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Southern Tier is part of nation’s growing hemp revival

By Charles McChesney

Date:

BINGHAMTON — If Michael Falcone has his way, you might just find hemp in your Christmas stocking this year.

Falcone, founder and CEO of Southern Tier Hemp, says he expects to have hemp-based lotions and tinctures on the market by late fall.

His company is part of the revival of hemp in the state and across the country.

Hemp is currently an $820 million industry in the United States, according to Assemblywoman Donna Lupardo, D–Endwell. That is despite the fact that federal law prohibits almost all hemp farming. As a result, almost all the hemp used in this country is imported, much of it from China and Canada.

Hemp is illegal to grow because it is categorized as a schedule 1 substance, the same as marijuana, to which it is closely related. That puts it in the same category as heroin, LSD, peyote, and ecstasy. The federal Drug Enforcement Agency (DEA) defines schedule 1 substances as “drugs with no currently accepted medical use and a high potential for abuse.”

But hemp has very little to none of the psychotropic compound that gives marijuana smokers a “high,” tetrahydrocannabinol, more commonly called THC.

Instead, hemp’s value is largely linked to phytocannabinoids, chemicals that some say are helpful in treating a variety of health problems. Different sources say they can help with problems including acne, anxiety, arthritis, cancer, chronic pain, depression, diabetes, inflammation, mood disorders, schizophrenia, and neurodegenerative diseases such as Alzheimer’s, according to some. Phytocannabidnoids have also been shown to stop the spread of cancer cells. The most well known is called CBD.

Responding to this, in 2014, Congress passed, and President Barack Obama signed, a farm bill that allowed experimental growing of hemp under certain conditions.

Likewise, seeing that hemp could be a large-scale crop, New York has been encouraging experimentation with the crop and, most recently with developing processes to commercialize its use. 

Legislation sponsored by Lupardo that would clarify the difference between hemp and marijuana passed in the Assembly in June, but did not get a vote in the State Senate before the session ended.

Falcone, chairman and CEO of Syracuse–based Pioneer Companies, has been interested and involved in the industry for years. He and his wife, Nicole Ruvo Falcone, applied for one of the five medical marijuana licenses New York State issued in 2015.

Kaelan Castetter, owner of Castetter Sustainability Group, addresses a crowd. His firm organized the Southern Tier Hemp Summit at the Koffman Southern Tier Incubator in downtown Binghamton. The summit drew 150 attendees, including experts, those already in the business, and local individuals looking to get their own businesses involved in the field. (Photo provided by Kaelan Castetter)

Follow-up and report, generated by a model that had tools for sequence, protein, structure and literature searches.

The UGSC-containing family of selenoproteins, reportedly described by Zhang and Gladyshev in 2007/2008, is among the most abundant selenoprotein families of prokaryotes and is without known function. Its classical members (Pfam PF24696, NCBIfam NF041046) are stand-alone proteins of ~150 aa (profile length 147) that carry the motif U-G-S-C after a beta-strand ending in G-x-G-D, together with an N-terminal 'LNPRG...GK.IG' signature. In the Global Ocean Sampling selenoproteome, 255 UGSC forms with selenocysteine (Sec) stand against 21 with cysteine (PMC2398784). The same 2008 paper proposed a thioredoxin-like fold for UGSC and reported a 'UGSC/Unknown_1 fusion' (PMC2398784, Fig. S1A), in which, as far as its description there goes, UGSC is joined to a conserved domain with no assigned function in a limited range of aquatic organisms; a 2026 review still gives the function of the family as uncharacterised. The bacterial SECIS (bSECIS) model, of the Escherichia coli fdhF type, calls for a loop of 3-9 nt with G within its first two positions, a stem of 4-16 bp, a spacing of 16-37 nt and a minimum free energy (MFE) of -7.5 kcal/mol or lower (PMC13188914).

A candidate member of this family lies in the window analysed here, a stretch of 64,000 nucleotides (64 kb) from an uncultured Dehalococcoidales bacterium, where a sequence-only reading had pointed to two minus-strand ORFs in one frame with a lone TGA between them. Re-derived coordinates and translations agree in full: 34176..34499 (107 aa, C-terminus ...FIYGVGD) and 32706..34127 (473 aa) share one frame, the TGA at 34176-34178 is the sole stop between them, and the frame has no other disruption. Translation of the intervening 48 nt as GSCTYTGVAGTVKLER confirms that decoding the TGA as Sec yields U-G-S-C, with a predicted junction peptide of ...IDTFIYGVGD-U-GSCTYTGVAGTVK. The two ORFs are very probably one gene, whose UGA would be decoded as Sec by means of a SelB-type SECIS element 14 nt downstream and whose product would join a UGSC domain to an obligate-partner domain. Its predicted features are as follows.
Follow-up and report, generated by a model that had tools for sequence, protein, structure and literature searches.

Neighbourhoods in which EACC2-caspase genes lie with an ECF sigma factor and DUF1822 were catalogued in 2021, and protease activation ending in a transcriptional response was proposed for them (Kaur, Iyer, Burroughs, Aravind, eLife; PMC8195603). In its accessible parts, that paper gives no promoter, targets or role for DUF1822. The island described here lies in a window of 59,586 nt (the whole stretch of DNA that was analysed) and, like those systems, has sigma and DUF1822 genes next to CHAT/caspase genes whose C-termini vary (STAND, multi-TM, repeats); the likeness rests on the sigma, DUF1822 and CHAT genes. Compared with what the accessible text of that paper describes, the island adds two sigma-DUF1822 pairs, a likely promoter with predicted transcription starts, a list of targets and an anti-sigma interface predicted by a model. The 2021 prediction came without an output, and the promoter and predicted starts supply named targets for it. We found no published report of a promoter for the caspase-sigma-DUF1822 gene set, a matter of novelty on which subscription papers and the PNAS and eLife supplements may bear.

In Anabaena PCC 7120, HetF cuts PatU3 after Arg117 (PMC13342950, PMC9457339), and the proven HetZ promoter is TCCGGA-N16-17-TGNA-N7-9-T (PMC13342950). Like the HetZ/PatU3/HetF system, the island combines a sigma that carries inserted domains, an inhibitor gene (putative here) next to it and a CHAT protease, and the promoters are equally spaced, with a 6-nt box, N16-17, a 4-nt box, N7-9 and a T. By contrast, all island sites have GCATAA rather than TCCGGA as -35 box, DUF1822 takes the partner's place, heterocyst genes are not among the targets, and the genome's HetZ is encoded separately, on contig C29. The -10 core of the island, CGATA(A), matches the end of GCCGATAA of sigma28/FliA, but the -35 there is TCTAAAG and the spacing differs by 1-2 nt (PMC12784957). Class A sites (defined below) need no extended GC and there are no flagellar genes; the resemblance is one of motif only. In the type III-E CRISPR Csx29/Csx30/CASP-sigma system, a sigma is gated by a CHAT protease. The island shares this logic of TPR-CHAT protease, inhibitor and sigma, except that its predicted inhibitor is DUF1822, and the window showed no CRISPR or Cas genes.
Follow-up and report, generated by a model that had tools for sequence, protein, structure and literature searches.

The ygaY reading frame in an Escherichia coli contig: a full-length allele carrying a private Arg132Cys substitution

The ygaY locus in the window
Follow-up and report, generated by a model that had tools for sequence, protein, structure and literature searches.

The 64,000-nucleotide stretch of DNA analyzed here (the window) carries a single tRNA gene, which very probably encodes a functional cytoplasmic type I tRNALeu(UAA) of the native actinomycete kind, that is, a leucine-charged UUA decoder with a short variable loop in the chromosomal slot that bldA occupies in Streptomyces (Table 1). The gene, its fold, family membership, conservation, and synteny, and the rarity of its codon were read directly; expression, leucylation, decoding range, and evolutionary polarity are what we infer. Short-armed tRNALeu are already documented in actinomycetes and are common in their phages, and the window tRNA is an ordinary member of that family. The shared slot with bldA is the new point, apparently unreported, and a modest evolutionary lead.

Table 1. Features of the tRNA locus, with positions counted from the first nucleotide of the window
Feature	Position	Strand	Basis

They were not chosen, Falcone recounts, “but it did give us an opportunity to meet a lot of folks.” Among them were people from a Kentucky business called GenCanna.

Falcone was so impressed, he invested in the company and now serves on its board of directors. “In the last four years I got to see the business grow and flourish,” he says.

Falcone is applying GenCanna’s lesson to Southern Tier Hemp as the new company utilizes protocols and standards for growing and processing the crop. “Gencanna is a strategic partner,” he says.

The goal isn’t simply to grow the crop and then process it at harvest time, he explains. Southern Tier Hemp aims to stagger planting and harvesting so that the company has a “large and sustainable supply so we have CBD in the building at all times.”

Southern Tier Hemp is not alone in its interest, explains Kaelan Castetter. His company, Castetter Sustainability Group, consults with farmers and processors starting in the industry. The firm organized the Southern Tier Hemp Summit at the Koffman Southern Tier Incubator in downtown Binghamton. It drew 150 attendees, including experts, those already in the business, and local individuals looking to get their own businesses involved in the field. “It was not just hippies showing up saying, ‘I want to grow hemp!’” Castetter says.

While farmers are learning to grow hemp, processors are just now buying the equipment needed to process it. Falcone says they are starting small, having just planted the first plants in Endicott last year. “We don’t want to go out and spend money foolishly.”

Processes are similar, but not identical to handling other crops. The hemp will need to be dried, in a way similar to how tobacco is dried, Castetter says.

Extracting oil, Falcone says, will be similar to the way oils are processed from other plants, such as soybeans.

Falcone sees the industry growing rapidly in the Southern Tier and, with support from the state and local universities, being a hotbed of development. “We want this to be a center of excellence for the hemp industry.”

As for Southern Tier Hemp, “I see us in three to four years having up to 100 employees.”    

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